Yorkshire Post (21/Feb/1929) - This World of Ours: A Dialect Dictionary

The following is a transcription of a historic newspaper article and may contain occasional errors. If the article was published prior to 1 June 1957, then the text is likely in the Public Domain.

This World of Ours.

A Dialect Dictionary.

Parts of Huddersfield have undoubtedly a dialect of their own, aud much of it has been captured in a dictionary, "Dialect of the Huddersfield District," by Walter E. Haigh, which, incidentally, throws not a few sidelights upon the history and habits of the people. It has a most learned appearance, and traces the history and descent of the words and phrases from the Old Norse, Old Icelandic, Saxon, and Norman tongues. Here and there the meanings of words are illustrated by local stories: "Buis-oil" means, amongst other things, a cow-stall. Thus a fond father in an armchair, opening wide his knees to receive his crying child into the space, exclaims, "Kum into t'buis-oil, little mutti-kof (bleating calf)." In a note on Spare-rib of Pork we get this: Once, when a boy, I asked my father what we were having for dinner that day. He replied: "Lean wife roasted an' t'ruin o' man fer sauce." That is, roasted spare-rib, with applesauce.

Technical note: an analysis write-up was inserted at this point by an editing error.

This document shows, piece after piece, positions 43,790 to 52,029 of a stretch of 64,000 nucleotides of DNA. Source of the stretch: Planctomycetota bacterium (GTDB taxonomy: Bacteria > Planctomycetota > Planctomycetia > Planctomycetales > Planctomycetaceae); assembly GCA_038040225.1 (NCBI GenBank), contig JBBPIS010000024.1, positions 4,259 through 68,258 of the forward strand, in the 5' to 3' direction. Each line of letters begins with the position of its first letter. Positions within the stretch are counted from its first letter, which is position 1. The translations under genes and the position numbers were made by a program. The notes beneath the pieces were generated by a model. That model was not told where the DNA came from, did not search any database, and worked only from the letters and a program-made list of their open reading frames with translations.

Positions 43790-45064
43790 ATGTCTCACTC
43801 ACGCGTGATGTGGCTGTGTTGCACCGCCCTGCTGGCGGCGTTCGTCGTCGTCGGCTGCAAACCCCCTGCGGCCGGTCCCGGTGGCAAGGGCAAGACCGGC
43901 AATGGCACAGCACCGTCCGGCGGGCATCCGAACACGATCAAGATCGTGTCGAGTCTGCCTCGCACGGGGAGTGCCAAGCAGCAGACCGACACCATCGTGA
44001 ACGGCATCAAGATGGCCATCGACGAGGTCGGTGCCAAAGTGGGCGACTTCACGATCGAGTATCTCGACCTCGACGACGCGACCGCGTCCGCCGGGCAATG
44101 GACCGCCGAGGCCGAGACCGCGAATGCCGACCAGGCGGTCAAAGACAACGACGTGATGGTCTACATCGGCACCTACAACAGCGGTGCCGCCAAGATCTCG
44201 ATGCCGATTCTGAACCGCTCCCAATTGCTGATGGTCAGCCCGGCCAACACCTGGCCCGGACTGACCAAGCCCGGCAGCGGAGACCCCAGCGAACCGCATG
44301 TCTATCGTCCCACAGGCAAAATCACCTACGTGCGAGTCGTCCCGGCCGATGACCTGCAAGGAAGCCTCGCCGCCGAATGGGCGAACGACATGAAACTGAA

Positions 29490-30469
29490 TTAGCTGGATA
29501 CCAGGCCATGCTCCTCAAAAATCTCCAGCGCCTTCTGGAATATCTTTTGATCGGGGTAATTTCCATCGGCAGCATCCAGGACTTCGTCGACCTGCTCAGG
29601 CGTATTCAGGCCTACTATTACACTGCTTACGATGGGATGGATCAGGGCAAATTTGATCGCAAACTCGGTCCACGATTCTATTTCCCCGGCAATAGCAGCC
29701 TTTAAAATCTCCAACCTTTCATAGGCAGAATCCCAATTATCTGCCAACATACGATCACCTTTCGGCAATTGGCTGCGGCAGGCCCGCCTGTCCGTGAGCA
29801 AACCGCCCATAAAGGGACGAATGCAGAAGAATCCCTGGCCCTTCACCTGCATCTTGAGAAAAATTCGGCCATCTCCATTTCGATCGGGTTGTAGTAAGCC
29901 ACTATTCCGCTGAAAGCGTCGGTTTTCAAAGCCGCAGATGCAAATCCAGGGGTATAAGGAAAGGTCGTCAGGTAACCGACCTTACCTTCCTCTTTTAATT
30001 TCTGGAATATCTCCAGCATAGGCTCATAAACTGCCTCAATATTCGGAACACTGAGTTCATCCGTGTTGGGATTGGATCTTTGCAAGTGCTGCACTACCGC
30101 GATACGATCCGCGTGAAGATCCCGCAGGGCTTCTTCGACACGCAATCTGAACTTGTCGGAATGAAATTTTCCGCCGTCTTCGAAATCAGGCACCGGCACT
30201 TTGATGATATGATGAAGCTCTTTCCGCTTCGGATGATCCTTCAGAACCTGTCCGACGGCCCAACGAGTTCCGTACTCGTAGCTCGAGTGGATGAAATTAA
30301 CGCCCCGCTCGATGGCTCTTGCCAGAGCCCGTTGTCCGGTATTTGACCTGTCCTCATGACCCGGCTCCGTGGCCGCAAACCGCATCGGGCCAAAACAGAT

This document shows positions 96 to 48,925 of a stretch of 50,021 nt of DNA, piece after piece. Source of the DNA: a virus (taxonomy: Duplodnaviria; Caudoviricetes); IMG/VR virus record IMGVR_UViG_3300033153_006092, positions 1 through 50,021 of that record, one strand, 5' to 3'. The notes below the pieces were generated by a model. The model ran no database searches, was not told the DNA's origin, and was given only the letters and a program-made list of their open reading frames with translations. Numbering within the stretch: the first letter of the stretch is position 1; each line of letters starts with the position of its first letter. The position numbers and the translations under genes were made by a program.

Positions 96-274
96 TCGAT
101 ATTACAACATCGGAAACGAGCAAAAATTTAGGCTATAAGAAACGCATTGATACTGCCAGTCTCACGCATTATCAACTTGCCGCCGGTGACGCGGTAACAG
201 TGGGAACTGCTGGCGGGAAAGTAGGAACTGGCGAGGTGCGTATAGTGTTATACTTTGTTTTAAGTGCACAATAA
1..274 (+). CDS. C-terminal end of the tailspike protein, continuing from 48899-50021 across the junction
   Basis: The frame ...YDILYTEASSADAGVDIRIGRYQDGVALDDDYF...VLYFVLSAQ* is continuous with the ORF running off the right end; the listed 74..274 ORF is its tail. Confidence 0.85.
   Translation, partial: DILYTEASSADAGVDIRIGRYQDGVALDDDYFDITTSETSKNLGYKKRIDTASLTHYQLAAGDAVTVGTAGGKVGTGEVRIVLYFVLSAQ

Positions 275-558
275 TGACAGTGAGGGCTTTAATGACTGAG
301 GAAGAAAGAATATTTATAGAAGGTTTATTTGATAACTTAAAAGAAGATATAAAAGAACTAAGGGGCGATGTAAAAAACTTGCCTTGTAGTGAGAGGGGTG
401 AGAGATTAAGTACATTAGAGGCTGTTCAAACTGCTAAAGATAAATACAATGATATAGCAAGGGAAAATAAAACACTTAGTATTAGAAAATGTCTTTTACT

There are two queer Huddersfield words in "Tlunter" which means to crowd together, and "Thokki" or "Thokkish," meaning heavy or dull. A "Thibbl" (with a long i), is a smooth stick for stirring porridge ; from which comes the expression, "To have to lick a lean thibbl," meaning to have to live on very little.